The answer has increasingly been a resounding YES. According to Karina Litvack, Head of Governance and Sustainable Investment at F&C Investments:
“Companies and their investors have long taken ecosystems services for granted, as if they came for free. Yet recent pressures on natural resources suggest that in future such services will start to command a premium, or, worse, become unavailable. This could have a profound impact on the strategies and valuations of companies in high-risk sectors.”
Investment banks, fund and asset managers, pension funds and development agencies are all placing increasing emphasis on the need to account for best practice performance when it comes to managing impacts and dependencies on biodiversity and ecosystems.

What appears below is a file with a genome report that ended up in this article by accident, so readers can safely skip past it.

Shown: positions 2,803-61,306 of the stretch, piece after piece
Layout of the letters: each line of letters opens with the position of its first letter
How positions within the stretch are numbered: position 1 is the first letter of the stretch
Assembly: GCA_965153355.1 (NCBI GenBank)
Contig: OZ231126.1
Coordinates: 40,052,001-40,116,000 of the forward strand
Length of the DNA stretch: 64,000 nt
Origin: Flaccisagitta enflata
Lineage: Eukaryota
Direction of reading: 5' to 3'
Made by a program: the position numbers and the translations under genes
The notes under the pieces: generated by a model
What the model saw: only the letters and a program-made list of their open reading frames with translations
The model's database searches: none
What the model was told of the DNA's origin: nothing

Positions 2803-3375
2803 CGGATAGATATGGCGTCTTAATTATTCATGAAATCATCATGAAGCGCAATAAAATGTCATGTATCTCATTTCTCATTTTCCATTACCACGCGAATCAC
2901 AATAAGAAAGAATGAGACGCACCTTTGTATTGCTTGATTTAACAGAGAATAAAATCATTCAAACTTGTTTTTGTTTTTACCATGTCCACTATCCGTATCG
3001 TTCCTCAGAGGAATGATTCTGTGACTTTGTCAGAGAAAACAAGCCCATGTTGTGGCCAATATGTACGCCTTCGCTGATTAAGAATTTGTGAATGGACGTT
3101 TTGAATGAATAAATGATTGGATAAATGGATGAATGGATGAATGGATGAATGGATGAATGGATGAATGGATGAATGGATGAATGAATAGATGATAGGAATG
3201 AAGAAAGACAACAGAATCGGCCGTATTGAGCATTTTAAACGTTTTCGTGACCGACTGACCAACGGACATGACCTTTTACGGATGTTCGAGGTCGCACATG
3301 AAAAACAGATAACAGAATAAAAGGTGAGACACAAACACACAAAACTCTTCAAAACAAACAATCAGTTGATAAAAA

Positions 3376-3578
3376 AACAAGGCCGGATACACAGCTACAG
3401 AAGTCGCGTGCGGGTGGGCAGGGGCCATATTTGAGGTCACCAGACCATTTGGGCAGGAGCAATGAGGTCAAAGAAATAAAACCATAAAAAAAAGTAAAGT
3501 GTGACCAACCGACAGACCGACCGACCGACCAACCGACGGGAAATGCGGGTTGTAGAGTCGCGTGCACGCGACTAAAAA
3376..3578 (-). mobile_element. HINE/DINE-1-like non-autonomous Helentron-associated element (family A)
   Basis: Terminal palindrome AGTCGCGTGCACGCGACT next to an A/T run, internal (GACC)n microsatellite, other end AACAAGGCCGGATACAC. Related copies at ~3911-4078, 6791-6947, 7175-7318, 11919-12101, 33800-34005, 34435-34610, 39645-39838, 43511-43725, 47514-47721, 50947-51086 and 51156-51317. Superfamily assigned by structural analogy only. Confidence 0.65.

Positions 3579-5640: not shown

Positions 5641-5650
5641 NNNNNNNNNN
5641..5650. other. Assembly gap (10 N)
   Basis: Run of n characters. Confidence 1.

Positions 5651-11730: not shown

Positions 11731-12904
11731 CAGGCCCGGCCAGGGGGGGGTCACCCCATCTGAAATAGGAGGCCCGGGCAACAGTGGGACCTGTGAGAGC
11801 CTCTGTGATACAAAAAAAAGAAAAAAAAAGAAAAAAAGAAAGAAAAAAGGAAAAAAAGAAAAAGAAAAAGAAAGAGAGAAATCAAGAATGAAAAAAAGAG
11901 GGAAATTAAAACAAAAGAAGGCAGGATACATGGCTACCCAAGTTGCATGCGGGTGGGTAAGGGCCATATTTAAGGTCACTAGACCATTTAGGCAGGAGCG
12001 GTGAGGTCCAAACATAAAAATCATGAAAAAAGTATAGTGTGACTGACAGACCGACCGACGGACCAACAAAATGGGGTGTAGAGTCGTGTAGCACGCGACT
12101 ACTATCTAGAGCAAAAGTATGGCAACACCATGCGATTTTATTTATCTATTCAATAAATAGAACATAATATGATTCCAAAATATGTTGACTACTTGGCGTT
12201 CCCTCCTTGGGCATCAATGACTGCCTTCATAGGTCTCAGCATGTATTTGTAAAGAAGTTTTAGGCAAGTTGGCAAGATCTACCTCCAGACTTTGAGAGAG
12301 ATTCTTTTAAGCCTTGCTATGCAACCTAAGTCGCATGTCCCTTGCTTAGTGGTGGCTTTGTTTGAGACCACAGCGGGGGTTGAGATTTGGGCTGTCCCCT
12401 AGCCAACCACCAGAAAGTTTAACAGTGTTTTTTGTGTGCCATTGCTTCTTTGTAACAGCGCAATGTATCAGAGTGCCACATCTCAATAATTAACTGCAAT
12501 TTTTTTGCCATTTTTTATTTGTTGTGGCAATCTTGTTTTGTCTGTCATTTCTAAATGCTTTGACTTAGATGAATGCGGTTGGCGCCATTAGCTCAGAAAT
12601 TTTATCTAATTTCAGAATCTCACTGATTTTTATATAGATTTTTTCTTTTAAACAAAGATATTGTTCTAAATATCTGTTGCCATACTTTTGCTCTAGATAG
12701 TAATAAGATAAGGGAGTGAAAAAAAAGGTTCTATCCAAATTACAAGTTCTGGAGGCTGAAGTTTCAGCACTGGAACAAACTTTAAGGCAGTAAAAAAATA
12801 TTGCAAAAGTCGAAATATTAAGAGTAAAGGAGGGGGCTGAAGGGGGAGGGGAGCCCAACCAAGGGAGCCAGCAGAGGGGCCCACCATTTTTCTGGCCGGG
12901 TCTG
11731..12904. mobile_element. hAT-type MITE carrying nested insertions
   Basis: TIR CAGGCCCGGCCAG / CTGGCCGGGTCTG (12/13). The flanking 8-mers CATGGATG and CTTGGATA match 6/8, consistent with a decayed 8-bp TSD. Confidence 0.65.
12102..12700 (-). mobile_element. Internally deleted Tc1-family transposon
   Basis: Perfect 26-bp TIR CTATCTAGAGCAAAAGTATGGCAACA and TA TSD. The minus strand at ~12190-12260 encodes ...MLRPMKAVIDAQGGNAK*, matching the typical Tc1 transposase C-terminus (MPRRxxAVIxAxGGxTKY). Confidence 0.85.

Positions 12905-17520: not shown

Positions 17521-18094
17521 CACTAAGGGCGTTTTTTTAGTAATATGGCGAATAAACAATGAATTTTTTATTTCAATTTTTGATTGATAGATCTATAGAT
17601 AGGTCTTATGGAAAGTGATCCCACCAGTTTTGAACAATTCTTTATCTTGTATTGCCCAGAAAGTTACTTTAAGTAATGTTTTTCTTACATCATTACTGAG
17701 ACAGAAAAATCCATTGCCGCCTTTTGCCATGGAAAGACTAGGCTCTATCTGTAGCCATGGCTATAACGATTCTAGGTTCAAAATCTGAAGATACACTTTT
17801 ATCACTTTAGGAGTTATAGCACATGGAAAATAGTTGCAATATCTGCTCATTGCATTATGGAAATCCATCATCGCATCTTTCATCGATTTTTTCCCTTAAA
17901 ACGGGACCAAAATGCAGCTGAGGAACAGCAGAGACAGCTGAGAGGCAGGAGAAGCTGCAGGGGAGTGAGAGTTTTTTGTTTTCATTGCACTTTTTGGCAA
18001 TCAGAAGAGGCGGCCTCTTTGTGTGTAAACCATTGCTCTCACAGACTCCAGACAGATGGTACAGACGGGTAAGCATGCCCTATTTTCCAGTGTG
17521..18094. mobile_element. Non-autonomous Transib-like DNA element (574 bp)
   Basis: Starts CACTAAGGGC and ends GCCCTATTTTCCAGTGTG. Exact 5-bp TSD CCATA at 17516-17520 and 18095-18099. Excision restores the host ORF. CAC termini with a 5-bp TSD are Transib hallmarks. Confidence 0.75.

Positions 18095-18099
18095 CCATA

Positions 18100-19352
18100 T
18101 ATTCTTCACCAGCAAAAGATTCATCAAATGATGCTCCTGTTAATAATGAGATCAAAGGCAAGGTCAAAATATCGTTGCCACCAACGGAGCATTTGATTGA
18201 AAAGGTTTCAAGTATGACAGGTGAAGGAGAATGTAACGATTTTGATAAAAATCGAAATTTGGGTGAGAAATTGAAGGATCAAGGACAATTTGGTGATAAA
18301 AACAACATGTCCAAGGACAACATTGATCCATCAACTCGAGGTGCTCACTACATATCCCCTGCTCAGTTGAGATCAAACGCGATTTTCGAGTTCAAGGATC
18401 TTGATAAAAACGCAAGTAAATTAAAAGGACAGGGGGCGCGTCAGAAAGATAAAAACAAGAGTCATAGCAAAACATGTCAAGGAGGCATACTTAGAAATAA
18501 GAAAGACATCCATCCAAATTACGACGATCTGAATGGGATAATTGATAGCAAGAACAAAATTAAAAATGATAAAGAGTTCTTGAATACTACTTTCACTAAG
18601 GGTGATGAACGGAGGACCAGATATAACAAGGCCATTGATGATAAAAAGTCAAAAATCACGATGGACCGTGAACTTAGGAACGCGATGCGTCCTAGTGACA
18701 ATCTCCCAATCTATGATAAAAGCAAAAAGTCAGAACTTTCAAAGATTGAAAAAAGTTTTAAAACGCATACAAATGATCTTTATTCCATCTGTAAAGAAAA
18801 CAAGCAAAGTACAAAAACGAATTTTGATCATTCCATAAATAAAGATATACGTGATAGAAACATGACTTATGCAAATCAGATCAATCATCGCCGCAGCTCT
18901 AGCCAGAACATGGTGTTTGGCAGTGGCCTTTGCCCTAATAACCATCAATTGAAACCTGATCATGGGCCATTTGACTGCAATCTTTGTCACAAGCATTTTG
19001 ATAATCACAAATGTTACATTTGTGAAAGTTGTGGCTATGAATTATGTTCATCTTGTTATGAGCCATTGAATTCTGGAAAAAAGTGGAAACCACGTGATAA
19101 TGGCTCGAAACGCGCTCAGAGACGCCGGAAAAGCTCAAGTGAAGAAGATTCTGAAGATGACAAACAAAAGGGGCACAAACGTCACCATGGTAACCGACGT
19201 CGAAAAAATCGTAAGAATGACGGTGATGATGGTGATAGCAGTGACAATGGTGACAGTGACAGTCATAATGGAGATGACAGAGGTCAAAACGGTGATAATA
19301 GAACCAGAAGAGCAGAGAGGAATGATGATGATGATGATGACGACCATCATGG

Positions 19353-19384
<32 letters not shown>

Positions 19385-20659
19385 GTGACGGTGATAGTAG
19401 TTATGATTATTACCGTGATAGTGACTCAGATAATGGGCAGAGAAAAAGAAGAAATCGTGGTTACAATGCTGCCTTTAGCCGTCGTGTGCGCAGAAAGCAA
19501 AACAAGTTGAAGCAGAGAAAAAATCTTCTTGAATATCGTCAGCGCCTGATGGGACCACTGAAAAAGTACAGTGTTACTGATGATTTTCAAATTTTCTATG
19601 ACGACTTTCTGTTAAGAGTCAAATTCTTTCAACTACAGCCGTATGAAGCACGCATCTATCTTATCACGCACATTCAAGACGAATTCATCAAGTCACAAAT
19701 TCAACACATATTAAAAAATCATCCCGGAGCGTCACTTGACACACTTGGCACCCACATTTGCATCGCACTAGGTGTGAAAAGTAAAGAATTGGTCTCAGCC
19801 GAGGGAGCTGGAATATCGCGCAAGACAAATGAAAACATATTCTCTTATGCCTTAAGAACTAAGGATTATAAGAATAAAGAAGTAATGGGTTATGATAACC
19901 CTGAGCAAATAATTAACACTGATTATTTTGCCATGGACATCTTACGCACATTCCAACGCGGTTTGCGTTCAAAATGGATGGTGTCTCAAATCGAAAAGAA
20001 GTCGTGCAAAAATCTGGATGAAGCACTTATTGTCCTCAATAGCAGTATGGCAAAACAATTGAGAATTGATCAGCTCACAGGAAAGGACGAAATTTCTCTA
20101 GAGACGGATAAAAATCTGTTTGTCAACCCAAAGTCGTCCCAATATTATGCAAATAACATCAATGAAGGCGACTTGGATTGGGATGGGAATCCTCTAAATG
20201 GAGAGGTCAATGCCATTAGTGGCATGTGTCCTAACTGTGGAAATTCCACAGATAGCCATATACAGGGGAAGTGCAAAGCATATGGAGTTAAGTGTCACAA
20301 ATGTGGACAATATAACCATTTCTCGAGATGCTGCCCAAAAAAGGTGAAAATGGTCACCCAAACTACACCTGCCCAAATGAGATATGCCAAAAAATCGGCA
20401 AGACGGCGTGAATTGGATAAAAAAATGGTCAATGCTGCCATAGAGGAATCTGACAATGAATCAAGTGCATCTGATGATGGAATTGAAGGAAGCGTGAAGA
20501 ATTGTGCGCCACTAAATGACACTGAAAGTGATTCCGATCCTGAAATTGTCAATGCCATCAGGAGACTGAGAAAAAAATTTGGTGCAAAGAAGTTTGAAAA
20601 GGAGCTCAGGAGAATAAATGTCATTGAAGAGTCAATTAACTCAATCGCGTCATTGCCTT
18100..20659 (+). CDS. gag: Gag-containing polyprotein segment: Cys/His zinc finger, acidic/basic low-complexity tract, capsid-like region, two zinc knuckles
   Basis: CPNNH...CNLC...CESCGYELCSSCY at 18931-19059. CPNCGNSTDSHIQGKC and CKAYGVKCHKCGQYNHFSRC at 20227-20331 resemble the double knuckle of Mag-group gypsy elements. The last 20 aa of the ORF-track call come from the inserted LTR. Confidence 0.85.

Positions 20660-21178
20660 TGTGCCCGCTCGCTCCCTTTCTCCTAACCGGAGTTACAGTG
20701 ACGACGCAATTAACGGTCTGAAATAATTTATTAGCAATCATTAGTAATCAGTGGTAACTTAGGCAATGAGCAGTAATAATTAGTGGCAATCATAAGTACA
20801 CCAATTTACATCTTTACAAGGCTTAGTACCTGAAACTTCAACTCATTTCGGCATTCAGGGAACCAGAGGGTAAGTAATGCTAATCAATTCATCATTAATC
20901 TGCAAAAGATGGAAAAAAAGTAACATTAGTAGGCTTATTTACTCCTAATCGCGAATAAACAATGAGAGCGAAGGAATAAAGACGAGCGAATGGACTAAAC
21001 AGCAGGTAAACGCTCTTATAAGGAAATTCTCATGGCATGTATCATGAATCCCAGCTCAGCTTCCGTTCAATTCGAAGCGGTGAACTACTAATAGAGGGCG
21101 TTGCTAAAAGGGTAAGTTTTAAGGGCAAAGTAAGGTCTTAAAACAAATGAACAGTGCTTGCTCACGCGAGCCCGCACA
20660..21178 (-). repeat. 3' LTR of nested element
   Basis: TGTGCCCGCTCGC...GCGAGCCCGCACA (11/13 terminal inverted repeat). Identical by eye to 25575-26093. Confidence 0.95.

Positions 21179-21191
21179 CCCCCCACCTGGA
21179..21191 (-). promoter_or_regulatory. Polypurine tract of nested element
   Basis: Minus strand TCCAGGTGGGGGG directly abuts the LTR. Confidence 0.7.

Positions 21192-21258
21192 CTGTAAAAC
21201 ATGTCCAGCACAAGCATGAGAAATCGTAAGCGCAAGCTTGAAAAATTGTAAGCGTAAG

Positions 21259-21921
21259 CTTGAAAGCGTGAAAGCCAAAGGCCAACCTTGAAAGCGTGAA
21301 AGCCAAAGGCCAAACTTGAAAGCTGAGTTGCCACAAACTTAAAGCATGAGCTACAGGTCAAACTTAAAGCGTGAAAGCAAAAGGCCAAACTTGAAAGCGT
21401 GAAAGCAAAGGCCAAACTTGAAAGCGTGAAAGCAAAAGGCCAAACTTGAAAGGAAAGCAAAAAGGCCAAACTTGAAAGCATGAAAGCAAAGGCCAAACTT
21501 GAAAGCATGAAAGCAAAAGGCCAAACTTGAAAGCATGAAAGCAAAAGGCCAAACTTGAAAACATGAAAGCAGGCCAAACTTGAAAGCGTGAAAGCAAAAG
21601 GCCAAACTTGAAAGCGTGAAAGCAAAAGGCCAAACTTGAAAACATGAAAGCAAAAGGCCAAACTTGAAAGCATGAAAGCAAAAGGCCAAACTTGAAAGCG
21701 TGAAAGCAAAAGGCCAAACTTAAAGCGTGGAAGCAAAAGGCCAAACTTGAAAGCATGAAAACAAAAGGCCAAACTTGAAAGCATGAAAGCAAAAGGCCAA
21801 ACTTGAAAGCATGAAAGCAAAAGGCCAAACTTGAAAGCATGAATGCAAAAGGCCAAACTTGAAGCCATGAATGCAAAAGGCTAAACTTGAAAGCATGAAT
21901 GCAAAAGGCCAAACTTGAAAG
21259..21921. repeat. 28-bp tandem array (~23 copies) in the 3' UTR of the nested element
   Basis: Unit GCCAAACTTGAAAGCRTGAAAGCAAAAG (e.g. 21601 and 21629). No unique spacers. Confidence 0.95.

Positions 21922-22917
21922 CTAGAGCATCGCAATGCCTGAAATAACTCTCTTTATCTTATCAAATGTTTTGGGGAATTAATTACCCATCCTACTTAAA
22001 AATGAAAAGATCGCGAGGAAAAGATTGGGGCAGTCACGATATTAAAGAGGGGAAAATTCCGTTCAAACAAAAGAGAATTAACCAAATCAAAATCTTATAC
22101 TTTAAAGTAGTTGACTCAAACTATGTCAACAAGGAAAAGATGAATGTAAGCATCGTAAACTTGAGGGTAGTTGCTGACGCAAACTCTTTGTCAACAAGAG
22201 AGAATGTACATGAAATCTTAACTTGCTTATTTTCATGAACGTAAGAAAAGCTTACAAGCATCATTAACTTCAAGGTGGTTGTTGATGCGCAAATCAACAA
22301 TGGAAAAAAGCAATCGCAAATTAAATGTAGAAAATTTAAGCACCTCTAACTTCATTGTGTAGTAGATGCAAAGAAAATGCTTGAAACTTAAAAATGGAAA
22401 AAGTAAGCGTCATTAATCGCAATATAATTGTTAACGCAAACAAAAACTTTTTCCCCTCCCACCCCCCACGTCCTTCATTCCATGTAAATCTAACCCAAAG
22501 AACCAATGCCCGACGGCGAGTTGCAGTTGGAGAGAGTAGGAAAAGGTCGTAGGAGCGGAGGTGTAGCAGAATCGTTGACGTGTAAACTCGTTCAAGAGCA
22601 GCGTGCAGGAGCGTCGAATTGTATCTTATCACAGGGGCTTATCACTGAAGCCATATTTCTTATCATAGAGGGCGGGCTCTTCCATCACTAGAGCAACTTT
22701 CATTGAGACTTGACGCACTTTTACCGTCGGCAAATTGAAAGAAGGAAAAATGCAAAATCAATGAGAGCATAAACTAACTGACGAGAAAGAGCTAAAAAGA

This is reflected through global reporting initiatives, assurance schemes and lender requirements. Companies must respond to this pressure in order to continue receiving investments.
What steps are needed to address these issues?
Business needs to better understand and manage the relationships between operational and management performance and the natural contexts that bind commercial interests. This is truer today than ever before.
One way to address this is through a risk and opportunity based approach, both at a global level and local business unit level. This requires technical competencies, management approaches, tools and methodologies and – fundamentally – strategic planning skills.
I like to think of it as a journey, with several steps, each one necessary for the next:
The further along this trajectory a company goes, the more they are creating rather than destroying value.
The successful transition through all six stages requires a company to acknowledge the true value of biodiversity together with implementing sound governance, policies and procedures for biodiversity management.